Max token

Knowledge cutoff

Pricing ($/1k tokens)

MIRACL average

MTEB average

ada v2



September 2021













From the provided metrics, we can observe an improvement in performance from ada v2 (text-embedding-ada-002) to text-embedding-3-large on both MIRACL and MTEB benchmarks. This suggests that text-embedding-3-large, having more dimensions (3072), offers better embedding quality compared to the other two, which directly correlates with improved benchmark scores.

The increase in dimensions from text-embedding-ada-002 and text-embedding-3-small (both 1536) to text-embedding-3-large (3072) suggests a more complex model that can capture a richer set of features in its embeddings. However, this also comes with a higher pricing per 1,000 tokens processed, indicating a trade-off between performance and cost.

Depending on the specific requirements of a task (e.g., the need for multilingual capabilities, the complexity of the text to be embedded, or budget constraints), one might choose a different model.

For tasks requiring high-quality embeddings across multiple languages and tasks, text-embedding-3-large might be preferable despite its higher cost. In contrast, for applications with tighter budget constraints or where ultra-high precision might not be as critical, text-embedding-ada-002 or text-embedding-3-small could be more suitable options.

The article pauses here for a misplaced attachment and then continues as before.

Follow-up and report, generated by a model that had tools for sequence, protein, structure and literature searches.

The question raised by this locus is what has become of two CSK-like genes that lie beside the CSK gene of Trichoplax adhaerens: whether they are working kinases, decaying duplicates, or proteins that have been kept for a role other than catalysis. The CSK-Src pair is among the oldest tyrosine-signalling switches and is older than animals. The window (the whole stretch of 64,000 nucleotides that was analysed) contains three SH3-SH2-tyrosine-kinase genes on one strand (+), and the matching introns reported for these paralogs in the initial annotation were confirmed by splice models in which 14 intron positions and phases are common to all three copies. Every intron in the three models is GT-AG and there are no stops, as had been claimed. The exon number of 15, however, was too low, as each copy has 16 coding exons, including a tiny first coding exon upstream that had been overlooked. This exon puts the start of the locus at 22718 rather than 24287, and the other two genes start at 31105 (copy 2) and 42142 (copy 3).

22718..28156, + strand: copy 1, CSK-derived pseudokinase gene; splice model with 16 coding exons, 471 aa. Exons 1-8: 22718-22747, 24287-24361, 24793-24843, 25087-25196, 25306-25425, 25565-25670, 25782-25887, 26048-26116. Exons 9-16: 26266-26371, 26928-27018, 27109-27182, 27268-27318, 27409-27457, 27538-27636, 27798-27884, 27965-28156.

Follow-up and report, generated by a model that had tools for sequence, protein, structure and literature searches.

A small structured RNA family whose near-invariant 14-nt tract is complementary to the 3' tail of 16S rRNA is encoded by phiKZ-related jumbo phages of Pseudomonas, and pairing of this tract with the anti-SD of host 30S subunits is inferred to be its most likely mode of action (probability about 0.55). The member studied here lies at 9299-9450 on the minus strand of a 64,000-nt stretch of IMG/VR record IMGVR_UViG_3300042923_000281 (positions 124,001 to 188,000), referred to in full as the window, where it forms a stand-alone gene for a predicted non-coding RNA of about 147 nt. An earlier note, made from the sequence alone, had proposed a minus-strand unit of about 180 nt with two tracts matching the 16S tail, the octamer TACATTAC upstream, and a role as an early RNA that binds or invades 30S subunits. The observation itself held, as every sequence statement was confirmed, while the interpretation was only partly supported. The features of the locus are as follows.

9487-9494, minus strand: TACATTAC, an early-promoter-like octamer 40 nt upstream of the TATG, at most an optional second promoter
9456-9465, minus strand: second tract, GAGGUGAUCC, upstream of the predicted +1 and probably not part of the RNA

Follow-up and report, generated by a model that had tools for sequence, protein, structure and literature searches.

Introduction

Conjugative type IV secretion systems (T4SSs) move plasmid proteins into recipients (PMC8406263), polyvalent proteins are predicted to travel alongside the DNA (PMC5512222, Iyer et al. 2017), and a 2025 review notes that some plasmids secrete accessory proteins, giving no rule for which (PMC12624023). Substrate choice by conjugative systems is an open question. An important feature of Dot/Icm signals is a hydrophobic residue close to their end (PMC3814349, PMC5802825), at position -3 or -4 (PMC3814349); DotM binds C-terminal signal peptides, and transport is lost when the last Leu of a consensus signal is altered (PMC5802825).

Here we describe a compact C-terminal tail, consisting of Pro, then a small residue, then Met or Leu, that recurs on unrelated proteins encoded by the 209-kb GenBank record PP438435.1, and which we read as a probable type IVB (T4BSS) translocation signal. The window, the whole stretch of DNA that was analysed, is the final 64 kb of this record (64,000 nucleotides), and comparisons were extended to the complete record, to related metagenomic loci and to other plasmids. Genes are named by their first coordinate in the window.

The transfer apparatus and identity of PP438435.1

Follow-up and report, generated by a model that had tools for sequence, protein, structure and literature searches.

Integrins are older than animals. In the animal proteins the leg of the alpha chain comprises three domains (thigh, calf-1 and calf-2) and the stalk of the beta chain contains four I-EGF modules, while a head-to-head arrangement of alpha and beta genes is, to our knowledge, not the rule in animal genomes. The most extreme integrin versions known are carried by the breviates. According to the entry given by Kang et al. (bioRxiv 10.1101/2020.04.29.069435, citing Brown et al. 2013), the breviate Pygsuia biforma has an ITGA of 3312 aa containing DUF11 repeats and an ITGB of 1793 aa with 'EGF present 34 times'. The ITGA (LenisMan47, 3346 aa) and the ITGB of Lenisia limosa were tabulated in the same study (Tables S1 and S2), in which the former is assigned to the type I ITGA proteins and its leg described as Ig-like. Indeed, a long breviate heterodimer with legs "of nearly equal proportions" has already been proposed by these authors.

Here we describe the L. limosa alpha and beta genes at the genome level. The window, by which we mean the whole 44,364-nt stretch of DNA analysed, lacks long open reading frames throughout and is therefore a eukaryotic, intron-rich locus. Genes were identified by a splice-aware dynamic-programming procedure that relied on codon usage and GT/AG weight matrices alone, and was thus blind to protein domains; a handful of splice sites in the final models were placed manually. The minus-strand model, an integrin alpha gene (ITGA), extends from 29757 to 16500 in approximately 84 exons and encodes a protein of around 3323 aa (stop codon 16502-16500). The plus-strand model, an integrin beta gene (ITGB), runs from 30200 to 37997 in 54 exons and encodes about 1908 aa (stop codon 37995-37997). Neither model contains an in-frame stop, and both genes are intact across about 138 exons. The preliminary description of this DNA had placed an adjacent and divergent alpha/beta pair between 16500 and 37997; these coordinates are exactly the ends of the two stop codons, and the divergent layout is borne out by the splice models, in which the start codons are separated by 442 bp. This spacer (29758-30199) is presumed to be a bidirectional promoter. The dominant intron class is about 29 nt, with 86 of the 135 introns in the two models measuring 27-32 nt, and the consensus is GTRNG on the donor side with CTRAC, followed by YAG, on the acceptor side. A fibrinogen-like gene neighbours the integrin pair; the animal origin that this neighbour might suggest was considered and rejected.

Applications of Text-Embedding-3-Large

Embedding technologies have been remarkably beneficial to many modern natural language processing and understanding applications. The choice between more powerful models like text-embedding-3-large and more economical options like text-embedding-3-small can influence the performance and cost-efficiency of NLP applications.

Below are three illustrations of use cases for both model, demonstrating their versatility and impacts in real-world scenarios.

Applications of text-embedding-3-large

Applications of text-embedding-3-large (images generated using GPT-4)

Applications of text-embedding-3-large (images generated using GPT-4)

Multilingual customer support automation

With its superior performance in understanding and processing 18 different languages, text-embedding-3-large can power customer support chatbots and automated response systems for global companies, ensuring accurate, context-aware support across diverse linguistic backgrounds.

Advanced semantic search engines

Leveraging its high-dimensional embeddings, text-embedding-3-large can enhance search engine algorithms, enabling them to understand the nuances of search queries better and retrieve more relevant, contextually matched results, especially in specialized fields like legal or medical research.

Cross-lingual content recommendation systems

For platforms hosting a wide array of multilingual content, such as streaming services or news aggregators, text-embedding-3-large can analyze user preferences and content in multiple languages, recommending highly relevant content to users regardless of language barriers.

Applications of text-embedding-3-small

Applications of text-embedding-3-small (Image generated using GPT-4)

Applications of text-embedding-3-small (Image generated using GPT-4)

Cost-effective sentiment analysis

For startups and mid-sized businesses looking to understand customer sentiment through social media monitoring or feedback analysis, text-embedding-3-small offers a budget-friendly yet effective solution for gauging public opinion and customer satisfaction.